This month's Wall Street Journal's "Big Issues" feature focuses on healthcare, including information technology and privacy of patient data. The debate-style articles feature first-person arguments by experts on two issues: unique ID numbers for medical records and physician-patient email conversations.
Unique patient identifiers
Proponents say universal patient identifiers (UPIs) are the most efficient way to connect patients to their medical data, according to one article, and that they not only facilitate information sharing among doctors and guard against needless medical errors, but also may offer a safety advantage in that health records would never again need to be stored alongside financial data such as Social Security numbers.
"Lacking an easy, uniform way to identify patients and link them to their health data, doctors, hospitals, pharmacies, insurance plans and others throughout health care have created a sea of unrelated patient-identity numbers that are bogging down our medical-records system," says Michael F. Collins, a board-certified physician in internal medicine and chancellor of the University of Massachusetts Medical School in Worcester, Mass., who argues in favor of unique patient identifiers.
But privacy advocates say information from medical records already is routinely collected and sold for commercial gain without patient consent and that a health-care ID system would only encourage more of the same, according to the article. "The result, they say, will be more patients losing trust in the system and hiding things from their doctors, resulting in a deterioration in care. They agree that it's crucial to move medical records into the digital age. But they say it can be done without resorting to universal health IDs."
Deborah C. Peel, a psychiatrist and health-privacy expert in Austin, Texas, is the founder of Patient Privacy Rights and leader of the bipartisan Coalition for Patient Privacy. She argues against UPIs. A "universal health ID system would empower government and corporations to exploit the single biggest flaw in health-care technology today: Patients can't control who sees, uses and sells their sensitive health data," she writes.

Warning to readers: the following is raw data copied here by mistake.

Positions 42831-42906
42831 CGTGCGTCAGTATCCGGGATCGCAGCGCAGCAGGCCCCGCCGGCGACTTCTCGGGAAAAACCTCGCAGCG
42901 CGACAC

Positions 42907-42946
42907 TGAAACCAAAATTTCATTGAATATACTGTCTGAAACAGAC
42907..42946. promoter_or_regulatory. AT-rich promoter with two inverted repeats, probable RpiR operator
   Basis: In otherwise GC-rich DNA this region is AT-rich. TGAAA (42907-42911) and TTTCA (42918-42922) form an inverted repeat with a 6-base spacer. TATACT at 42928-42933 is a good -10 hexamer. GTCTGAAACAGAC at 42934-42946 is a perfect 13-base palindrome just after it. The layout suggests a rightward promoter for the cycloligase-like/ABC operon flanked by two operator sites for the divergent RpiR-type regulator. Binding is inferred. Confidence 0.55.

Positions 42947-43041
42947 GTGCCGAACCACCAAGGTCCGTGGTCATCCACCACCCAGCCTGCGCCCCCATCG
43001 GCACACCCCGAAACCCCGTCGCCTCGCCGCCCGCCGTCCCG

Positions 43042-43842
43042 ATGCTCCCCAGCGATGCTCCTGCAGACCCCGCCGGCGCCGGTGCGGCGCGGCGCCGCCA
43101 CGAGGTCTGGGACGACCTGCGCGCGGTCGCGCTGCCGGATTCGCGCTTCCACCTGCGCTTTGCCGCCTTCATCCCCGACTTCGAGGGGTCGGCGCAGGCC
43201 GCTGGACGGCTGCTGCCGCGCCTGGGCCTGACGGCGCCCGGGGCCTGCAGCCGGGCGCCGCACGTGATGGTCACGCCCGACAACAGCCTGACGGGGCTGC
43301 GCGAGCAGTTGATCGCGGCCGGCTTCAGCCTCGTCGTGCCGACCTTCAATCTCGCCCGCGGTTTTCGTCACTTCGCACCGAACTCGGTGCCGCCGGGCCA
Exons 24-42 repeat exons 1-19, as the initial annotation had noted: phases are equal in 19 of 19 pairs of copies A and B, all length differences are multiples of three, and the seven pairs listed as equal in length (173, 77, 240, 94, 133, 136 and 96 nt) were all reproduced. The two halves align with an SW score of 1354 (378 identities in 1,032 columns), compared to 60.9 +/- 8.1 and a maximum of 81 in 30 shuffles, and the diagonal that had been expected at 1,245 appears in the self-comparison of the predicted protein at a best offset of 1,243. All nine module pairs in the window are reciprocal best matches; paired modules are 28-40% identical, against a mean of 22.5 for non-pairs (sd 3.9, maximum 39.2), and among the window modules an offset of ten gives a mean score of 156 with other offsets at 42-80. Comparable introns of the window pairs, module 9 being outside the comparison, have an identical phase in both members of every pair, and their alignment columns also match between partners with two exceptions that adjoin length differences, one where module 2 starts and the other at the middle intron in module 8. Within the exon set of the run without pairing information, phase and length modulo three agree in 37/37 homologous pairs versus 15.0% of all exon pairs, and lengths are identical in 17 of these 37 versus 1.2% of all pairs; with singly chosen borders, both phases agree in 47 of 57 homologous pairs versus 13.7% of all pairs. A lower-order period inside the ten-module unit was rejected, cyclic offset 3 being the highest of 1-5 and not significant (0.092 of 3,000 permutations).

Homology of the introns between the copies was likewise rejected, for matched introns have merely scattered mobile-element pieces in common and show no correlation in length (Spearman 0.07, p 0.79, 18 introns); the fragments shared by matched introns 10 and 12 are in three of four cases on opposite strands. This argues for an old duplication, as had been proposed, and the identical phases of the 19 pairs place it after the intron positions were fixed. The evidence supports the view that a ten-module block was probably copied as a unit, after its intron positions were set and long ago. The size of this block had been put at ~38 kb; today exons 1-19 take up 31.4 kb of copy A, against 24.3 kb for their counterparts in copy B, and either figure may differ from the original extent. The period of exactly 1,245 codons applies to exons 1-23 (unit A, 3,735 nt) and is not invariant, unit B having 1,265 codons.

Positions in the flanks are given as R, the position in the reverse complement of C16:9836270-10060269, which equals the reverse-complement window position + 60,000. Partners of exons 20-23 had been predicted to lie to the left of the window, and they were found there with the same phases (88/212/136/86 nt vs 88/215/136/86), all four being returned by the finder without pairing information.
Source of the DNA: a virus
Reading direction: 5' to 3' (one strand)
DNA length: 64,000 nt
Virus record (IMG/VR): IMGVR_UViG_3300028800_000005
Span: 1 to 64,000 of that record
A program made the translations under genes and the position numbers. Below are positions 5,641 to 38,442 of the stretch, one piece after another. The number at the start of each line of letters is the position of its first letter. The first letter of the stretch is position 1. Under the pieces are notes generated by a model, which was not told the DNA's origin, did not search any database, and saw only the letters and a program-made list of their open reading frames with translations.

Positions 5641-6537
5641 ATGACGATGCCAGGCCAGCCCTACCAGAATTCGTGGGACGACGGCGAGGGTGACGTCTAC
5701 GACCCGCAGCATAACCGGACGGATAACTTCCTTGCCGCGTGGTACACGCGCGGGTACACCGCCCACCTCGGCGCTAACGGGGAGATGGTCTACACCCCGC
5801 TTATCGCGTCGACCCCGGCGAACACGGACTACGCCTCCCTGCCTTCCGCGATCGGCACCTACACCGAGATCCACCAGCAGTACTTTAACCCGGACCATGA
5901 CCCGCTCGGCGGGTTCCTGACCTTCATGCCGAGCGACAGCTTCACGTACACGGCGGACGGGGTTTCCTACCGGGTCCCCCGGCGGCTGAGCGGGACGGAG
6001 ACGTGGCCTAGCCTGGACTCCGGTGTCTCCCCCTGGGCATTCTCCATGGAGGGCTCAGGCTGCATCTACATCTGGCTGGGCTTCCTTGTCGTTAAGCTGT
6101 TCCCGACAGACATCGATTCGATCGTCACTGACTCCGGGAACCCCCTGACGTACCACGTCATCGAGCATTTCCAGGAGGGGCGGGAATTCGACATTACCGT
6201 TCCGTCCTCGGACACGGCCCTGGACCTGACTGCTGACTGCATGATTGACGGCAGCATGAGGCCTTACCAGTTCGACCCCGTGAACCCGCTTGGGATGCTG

"Searching for sensitive patient information would take just one number, not dozens of account numbers at professional offices, hospitals, pharmacies, labs, treatment facilities, government agencies and health plans. UPIs would make it vastly easier for government, corporations and others to use the nation's health information for their own gain without patients even knowing it."
Readers can weigh in on the debate by casting online votes. At the time this article was published, 62 percent of respondents said patients should have unique electronic identification numbers for their medical records.
Should doctors and patients communication via email? That's the second question up for debate in the WSJ.
Despite the fact that email has become commonplace, its use for communications between doctors and their patients remains controversial, the article notes.
"Opponents worry that doctors can't read patients by reading their emails. Important signals can be missed, they say, when doctors can't see their patients' facial expressions, hear the tone of their voices or take note of their body language, and care can suffer as a result. They're also concerned about the security of email communications, as well as doctors' potential liability for the content and results of email exchanges," according to the article.
But proponents say email is a valuable tool in building a relationship between doctor and patient, makes doctors more accessible, and allows a more thorough exchange of information than office visits and phone calls alone. "The security and liability risks, they say, can be managed, and shouldn't be allowed to stand in the way of providing an important service for patients," the article notes.
Arguing in favor of physician-patient emails, Joseph Kvedar, MD, founder and director of the Center for Connected Health in Boston, says the practice helps build better relationships and is good for business. And, he adds, privacy concerns are overblown.
"Sure, privacy is a problem with email. But it's a problem with any communications system. Phone conversations can be overheard, patients' paper files can be misplaced or left exposed to the view of people who shouldn't see them, and so on. Emails can also end up in the wrong hands or be read by the wrong eyes," he writes.
"Privacy can be protected to a great degree by encryption of email messages or by the use of secure messaging applications that are often a feature of a patient portal or the electronic medical-records systems offered by physicians and hospitals."
Sam Bierstock, MD, founder and president of Champions in Healthcare, a healthcare IT consulting group in Delray Beach, Fla., argues against the practice.
Although he concedes that email can be useful for basic patient-doctor communications, such as appointment scheduling and prescription refills, he adds that it's no way to practice medicine.
"Providing care includes an ability to interpret body language, facial expressions and other silent forms of communication that allow doctors to assess patient reactions to information about their health (apprehension, fear, anxiety) and the accuracy of their responses to questions. Online communications eliminate the ability to interpret these important signals. People also generally are more glib and careless in email interactions than they are in face-to-face meetings, again possibly masking their true condition," he writes.
At the time this article was published, more than 80 percent of readers who responded to the online poll said physicians should use email to communicate with patients.